HTTP/1.0 200 OK Content-Type: text/html Man Sues RCMP, Alleging Entrapment on Thai Drug Charges
Pubdate: Sat, 24 Apr 2004
Source: Globe and Mail (Canada)
Page: A7
Copyright: 2004, The Globe and Mail Company
Author: Tu Thanh Ha


MONTREAL -- A Montreal man who spent eight years in a Bangkok jail says 
RCMP officers wrongly told Thai police and courts that he was a major drug 
trafficker with a criminal record.

Alain Olivier, found guilty in Thailand on drug charges, says in a lawsuit 
that he was the victim of an unfair entrapment operation by the RCMP.

Now back in Montreal on parole, he wants the RCMP and Ottawa to pay him 
$47-million in damages.

The allegations are outlined in an amended statement of claim filed in 
Quebec Superior Court, the latest claims in a lengthy legal battle between 
Mr. Olivier, 44, and the RCMP.

David Lucas, a lawyer for the federal government, said Mr. Olivier's claim 
is not based on reliable documents.

Furthermore, Mr. Lucas said in an interview, Mr. Olivier's conviction, and 
the fact that RCMP undercover agents targeted him, did not stem solely from 
a mix-up over whether he had a criminal record.

The case revolves around Operation Deception, an RCMP undercover project 
that led to Mr. Olivier's incarceration in Thailand.

RCMP Corporal Derek Flanagan died in a scuffle during a botched drug 
purchase in Chiang Mai. Mr. Olivier, who had arranged the transaction, was 
arrested and handed over to Thai police in 1989.

According to Mr. Olivier's latest statement of claim, RCMP Staff Sergeant 
Barry Bennett told Thai police in a Feb. 22, 1989, sworn statement that Mr. 
Olivier was "a major drug dealer." The statement is part of the court filing.

In another sworn statement filed with the statement of claim, Staff Sgt. 
Jack Dop states that "Mr. Alain Olivier is a known narcotic dealer, in 
cocaine and heroin."

However, according to court documents, Mr. Olivier had no criminal record 
until his conviction on drug charges in Thailand in 1990.

By Sept. 6, 1989, Ken Kelly, the RCMP liaison officer at the embassy in 
Bangkok, had received a Telex from Ottawa headquarters, advising that a 
search for Mr. Olivier's criminal records "proved negative."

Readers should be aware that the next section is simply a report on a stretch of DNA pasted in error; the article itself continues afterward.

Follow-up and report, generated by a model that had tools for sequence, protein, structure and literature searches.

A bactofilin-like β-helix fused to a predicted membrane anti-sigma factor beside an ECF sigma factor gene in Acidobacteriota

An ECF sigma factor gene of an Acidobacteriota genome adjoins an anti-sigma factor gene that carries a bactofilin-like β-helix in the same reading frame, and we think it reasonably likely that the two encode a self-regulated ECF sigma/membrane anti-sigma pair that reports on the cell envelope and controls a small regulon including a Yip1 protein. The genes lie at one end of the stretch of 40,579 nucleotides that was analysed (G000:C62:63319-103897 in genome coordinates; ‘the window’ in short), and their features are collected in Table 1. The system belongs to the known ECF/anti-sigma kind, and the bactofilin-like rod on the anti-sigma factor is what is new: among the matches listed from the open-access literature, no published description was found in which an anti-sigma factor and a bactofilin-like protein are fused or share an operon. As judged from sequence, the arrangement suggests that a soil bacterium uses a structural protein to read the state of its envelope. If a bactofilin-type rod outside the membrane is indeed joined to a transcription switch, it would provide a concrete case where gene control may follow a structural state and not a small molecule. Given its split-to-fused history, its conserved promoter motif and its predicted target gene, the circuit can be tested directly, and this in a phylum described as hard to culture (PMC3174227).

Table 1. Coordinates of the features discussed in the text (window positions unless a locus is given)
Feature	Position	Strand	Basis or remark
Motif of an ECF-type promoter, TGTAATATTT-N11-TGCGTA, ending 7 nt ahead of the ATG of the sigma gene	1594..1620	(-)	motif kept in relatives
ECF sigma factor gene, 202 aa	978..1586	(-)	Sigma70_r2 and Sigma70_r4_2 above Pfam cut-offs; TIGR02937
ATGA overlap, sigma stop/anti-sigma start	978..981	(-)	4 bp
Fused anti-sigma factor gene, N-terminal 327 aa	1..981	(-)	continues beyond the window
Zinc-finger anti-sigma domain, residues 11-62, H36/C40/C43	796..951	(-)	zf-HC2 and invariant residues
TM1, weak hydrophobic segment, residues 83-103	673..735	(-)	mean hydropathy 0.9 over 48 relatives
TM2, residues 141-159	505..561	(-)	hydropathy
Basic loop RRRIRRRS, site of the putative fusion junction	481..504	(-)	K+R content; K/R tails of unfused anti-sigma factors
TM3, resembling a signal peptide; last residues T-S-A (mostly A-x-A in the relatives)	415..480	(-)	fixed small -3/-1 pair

The statement of claim says that nevertheless, when Staff Sgt. Dop 
testified a month and a half later at Mr. Olivier's trial, on Nov. 14, 
1989, Thai court documents show that he still told the court the accused 
had a criminal record in Canada.

"The first accused has a criminal record in Canada. I have not taken the 
said report with me today," the document translated from Thai says, 
according to the latest court filings from Mr. Olivier's lawyers.

Mr. Lucas said the documents aren't reliable because they are not official 
transcripts; they are summaries that were translated twice, from English to 
Thai, then back to English.

Besides, Mr. Lucas added, "you're not convicted on the basis of a prior 
criminal record."

In his statement of claim, Mr. Olivier says he was a small-time junkie 
living in small-town British Columbia who agreed to go to Thailand to buy 
heroin because he was afraid of what he thought were underworld figures.

In fact, they were undercover RCMP officers looking for traffickers in the 
Lower Mainland.

Mr. Lucas said Mr. Olivier wasn't a mere drug addict and the RCMP was right 
to target him because of "his willingness to do business."

In the statement of claim, Mr. Olivier says that during the first three 
years of his incarceration in Bangkok, he was kept shackled in rusty chains 
24 hours a day, "living like an animal."

He had to sleep on the cement floor of a cell shared with up to 100 inmates.

"Sanitary conditions were non-existent and [Mr. Olivier] was continuously 
ill from various ailments such as diarrhea, fever, ear infections, severe 
teeth-aches, exposure to sick prisoners with AIDS and tuberculosis, skin 
infections," the new statement of claim says.
- ---
MAP posted-by: Terry Liittschwager